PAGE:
Kim MacConnel

ABRACADABRA (Rabbits 14, 11, 24, 27)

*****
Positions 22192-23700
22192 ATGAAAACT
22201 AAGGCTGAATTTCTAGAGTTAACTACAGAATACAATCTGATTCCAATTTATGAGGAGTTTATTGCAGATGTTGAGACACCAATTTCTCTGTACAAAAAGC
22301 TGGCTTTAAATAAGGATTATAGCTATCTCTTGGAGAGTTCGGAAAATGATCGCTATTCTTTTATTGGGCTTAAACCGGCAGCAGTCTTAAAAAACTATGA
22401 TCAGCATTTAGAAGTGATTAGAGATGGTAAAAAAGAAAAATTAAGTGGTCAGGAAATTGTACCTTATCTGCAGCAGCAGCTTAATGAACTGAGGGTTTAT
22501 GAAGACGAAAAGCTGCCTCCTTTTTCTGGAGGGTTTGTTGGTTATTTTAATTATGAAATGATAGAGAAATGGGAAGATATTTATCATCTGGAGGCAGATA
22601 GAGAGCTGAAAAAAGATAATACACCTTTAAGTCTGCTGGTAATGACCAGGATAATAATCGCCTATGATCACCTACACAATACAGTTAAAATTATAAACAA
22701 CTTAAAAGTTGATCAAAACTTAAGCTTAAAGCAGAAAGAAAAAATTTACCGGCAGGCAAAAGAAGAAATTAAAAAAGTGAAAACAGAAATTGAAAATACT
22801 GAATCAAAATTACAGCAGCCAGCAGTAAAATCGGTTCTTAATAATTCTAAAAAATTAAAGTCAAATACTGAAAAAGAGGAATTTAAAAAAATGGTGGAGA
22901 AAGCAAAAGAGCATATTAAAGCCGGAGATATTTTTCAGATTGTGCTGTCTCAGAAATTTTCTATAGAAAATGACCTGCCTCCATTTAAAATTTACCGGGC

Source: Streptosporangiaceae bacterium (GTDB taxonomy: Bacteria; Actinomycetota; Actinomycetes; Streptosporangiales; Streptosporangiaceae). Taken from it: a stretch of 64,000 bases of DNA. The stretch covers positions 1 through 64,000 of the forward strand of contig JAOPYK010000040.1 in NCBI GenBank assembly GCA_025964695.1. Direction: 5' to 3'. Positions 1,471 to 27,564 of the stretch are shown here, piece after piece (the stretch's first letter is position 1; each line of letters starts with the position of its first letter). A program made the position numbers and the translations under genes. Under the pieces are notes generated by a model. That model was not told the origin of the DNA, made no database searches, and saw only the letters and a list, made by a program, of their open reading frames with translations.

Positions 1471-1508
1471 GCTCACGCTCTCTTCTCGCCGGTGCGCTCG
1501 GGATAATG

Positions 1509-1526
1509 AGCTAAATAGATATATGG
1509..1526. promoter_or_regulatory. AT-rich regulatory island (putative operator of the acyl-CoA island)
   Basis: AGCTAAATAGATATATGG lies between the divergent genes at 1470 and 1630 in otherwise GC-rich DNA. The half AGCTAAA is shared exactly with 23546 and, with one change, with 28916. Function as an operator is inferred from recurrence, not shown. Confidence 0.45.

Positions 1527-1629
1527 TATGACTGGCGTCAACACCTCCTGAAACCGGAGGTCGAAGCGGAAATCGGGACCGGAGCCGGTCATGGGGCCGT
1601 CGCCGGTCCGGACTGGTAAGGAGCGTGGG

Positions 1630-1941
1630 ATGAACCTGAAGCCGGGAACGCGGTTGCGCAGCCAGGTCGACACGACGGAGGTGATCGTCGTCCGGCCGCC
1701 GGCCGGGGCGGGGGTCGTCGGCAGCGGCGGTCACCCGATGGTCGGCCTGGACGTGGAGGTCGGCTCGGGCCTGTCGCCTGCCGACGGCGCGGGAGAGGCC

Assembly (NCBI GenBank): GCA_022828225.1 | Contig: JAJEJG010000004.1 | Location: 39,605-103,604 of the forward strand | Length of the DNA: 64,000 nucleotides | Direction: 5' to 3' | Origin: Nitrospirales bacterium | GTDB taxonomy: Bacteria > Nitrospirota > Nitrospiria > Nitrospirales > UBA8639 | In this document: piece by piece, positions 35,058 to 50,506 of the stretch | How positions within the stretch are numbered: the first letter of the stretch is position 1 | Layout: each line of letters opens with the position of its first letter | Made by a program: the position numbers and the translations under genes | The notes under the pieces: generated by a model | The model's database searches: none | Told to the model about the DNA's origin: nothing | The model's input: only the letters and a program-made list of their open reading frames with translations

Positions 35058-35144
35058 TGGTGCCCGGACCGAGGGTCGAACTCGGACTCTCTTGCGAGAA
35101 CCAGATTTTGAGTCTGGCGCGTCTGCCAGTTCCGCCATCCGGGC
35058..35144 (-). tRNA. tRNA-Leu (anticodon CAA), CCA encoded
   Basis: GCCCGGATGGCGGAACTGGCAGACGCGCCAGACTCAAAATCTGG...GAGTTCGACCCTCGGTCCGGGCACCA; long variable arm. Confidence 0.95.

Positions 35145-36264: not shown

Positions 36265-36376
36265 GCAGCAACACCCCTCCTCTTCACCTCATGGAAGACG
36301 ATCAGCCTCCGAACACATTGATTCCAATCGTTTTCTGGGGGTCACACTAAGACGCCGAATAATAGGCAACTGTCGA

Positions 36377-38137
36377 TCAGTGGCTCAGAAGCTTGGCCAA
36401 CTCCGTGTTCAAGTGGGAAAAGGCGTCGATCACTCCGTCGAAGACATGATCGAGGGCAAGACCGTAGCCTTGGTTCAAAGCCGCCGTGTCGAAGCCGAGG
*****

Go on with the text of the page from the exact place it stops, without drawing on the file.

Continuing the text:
Kim MacConnel has lived in San Diego since he moved there from Oklahoma in 1965 to attend college. He is known for vibrant painting, which he has applied as often to cast-off furniture and commercially printed fabric as to panels like those on display in the Smith Cardiovascular Research Building at UCSF. While his work is most often categorized as belonging to the Pattern and Decoration movement that gained momentum from the mid-1970s through the early 1980s, his body of work is uniquely its own and his style continues to resonate several decades after the heyday of that movement has passed. MacConnel draws on a wide swath of influences in the designs he chooses to incorporate into his paintings. One critic characterized these as including “Moroccan interiors by Matisse, African tribal patterns as filtered through Picasso, old California textiles from between the two world wars, Disney-style jet age motifs and Color-field abstractions from the 1960s.” This kind of eclecticism now finds a home in a research institution where scientists draw inspiration from multiple fields in order to synthesize new ideas and innovations. MacConnel here assembled four separate paintings as one, where the sequence of forms and intervals in relation to each other - both within and outside each painting - counts for more than the individual works.